AV Bypass Techniques through an EDR Lens

An analysis of common self-decrypting AV bypass techniques and how to hunt for them using EDR approaches

Posted on 28 April 2017

Introduction

One of the oldest ways of bypassing Anti-Virus (AV) detection has been to pack and encode malware contents on disk, and when executed the malicious payload is decoded in memory and never touches disk. With traditional AV’s being predominantly disk-focused, by decoding the malicious payload entirely in memory, this results in disk based AV detection being bypassed.

 

Attackers and malware authors are always coming up with new techniques for bypassing AV. For example, we recently posted about the rise of fileless malware, whereby the malware stays memory-resident and avoids touching disk at all, nor has a corresponding component on disk. This is something we have been seeing for years but has garnered significant publicity more recently (https://countercept.com/our-thinking/threat-hunting-for-fileless-malware/).

 

A more trivial example – the topic of this article – includes XOR encoding a malicious binary and adding a decoding function to the beginning of the file, which decodes itself in-memory and executes. This can be achieved with a simple XOR decoding stub, which iterates through the contents in memory and decodes them, before continuing execution.

 

In this post, we’ll analyse an example to fully understand the techniques used, before comparing how EDR software with memory analysis capabilities can give visibility of it in order to help threat hunting teams find evidence of malicious execution using similar techniques. 

Analysis

Upon initially opening the binary with IDA Pro, only a single function exists. This is a clear indicator that something isn’t quite right with the file, and reviewing the remainder of the binary, it doesn’t look to contain a huge amount of valid assembly.

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Figure 1 - Only a single function can be observed when analyzing with IDA Pro

 

Immunity Debugger will also pop-up a message when loaded and the malicious binary entered, complaining that the main binary module appears to be “either compressed, encrypted or contains [a] large amount of embedded data.”

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Figure 2 - Immunity Debugger statistical analysis detects the code is either compressed, encrypted or contains embedded data

 

Reviewing the assembly at the entry point, only a small stub of code is visible, and the surrounding assembly looks invalid.

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Figure 3 - Immunity Debugger is unable to analyse a large amount of the file

 

Following the initial stack prologue, execution jumps into a loop which clears the EAX register, calls PUSHA/POPA to push all the general purpose registers onto the stack and pop them off again, increments EAX and compares it to 0x10000000 and repeats this until the Zero flag - indicating EAX equals 0x10000000 – is set. See Figure 4.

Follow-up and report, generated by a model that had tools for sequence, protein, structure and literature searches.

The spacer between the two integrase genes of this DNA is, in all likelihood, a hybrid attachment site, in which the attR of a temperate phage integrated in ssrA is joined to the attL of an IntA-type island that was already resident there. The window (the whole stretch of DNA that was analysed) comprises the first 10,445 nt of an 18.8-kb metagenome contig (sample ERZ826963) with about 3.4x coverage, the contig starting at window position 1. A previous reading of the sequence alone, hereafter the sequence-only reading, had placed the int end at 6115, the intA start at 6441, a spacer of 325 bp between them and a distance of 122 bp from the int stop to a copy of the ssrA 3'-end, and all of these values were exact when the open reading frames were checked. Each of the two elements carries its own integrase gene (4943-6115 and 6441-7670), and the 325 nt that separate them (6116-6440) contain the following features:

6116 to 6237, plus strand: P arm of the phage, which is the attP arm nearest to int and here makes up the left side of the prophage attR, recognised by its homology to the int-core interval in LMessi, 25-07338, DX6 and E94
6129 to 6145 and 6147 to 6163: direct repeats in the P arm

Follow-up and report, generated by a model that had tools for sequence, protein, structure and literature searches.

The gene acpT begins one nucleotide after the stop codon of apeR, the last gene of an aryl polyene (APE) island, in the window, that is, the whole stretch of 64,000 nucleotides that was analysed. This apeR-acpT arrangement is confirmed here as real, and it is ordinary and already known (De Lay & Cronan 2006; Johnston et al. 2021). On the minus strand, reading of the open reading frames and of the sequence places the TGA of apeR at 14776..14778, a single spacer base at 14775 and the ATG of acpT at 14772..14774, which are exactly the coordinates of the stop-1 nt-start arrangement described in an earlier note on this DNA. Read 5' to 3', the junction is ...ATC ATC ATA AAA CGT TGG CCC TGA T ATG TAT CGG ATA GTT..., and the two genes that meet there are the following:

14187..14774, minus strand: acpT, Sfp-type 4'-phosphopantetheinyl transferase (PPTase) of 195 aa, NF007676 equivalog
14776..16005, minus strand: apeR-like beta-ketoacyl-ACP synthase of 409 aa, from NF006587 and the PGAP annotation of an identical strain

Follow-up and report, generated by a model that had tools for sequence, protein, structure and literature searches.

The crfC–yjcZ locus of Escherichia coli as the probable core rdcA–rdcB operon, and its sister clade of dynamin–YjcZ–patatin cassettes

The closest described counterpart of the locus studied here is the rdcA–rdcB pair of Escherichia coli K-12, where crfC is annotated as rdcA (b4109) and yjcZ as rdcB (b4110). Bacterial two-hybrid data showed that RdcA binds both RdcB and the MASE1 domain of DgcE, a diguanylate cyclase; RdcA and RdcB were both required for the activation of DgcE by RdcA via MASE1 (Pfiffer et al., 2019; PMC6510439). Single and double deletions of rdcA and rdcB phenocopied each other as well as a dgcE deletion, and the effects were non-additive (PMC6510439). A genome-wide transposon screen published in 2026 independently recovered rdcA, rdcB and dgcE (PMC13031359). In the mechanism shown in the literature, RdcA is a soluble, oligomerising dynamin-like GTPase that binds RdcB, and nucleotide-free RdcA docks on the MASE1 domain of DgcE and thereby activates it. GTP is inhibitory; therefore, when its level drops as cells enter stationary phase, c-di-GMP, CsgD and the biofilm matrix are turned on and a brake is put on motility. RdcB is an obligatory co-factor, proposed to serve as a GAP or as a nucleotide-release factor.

This function does nothing but waste CPU cycles, and is used as an anti-sandbox technique. AV’s that employ behavioural detection will typically execute a file in a sandbox and observe it for any malicious indicators. However, the longer that AV takes analysing a file, the longer the user must wait to use a file, and so a fine balance must be met between how long to wait, and when to make a decision of the legitimacy of a file. By delaying execution with such techniques it reduces the likelihood of the file being ran fully by the AV sandbox, resulting in it being less likely to be detected as malicious.

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Figure 4 - Anti-Sandbox technique used to delay execution

 

Following the sandbox evasion, the sample next makes a call to the Windows API function LoadLibraryA(), used to load Windows modules/DLLs into the calling process. This call is made with of the argument of “kernel32.dll”, which if successful will load the DLL into the process and return a handle to it. 

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Figure 5 - kernel32.dll is loaded with LoadLibraryA()

 

With a handle to kernel32.dll, a call is made to GetProcAddress() with the arguments of ”VirtualProtect” and the handle to kernel32.dll. This returns the address of VirtualProtect(), which is stored in EAX.

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Figure 6 – GetProcAddress() is used to return the address of VirtualProtect()

 

VirtualProtect() is used to change the permissions of pages within the memory space of the calling process. In the case of this sample, VirtualProtect() is used to modify the permissions of the memory page associated with the .text from PAGE_EXECUTE_READ to PAGE_EXECUTE_READWRITE, necessary for writing any changes to the page in question.

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Figure 7 – VirtualProtect() is used to change the page permissions of the .text section to RWX

 

When analysed in Immunity Debugger, it is possible to see the page permissions change before and after this call is made.

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Figure 8a - Page Permissions of the .text section BEFORE the call to VirtualProtect()

 

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Figure 8b - Page permissions of the .text section AFTER the call to VirtualProtect()

 

Following the call to VirtualProtect(), the return address is checked to ensure it is non zero. Execution then jumps into an XOR decoding loop which begins at address 0x401000 and runs until address 0x40610D, decoding the contents with the 2-byte XOR key of 0x0F3C. This is repeated again for the remainder of the binary.

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Figure 9 - XOR decode stub with key 0x0F3C

 

With the binary in memory decoded, execution can continue as normal as if the decoding had never taken place in the first place, and the malicious payload never touches disk.

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Figure 10a - .text section BEFORE decoding (garbage assembly)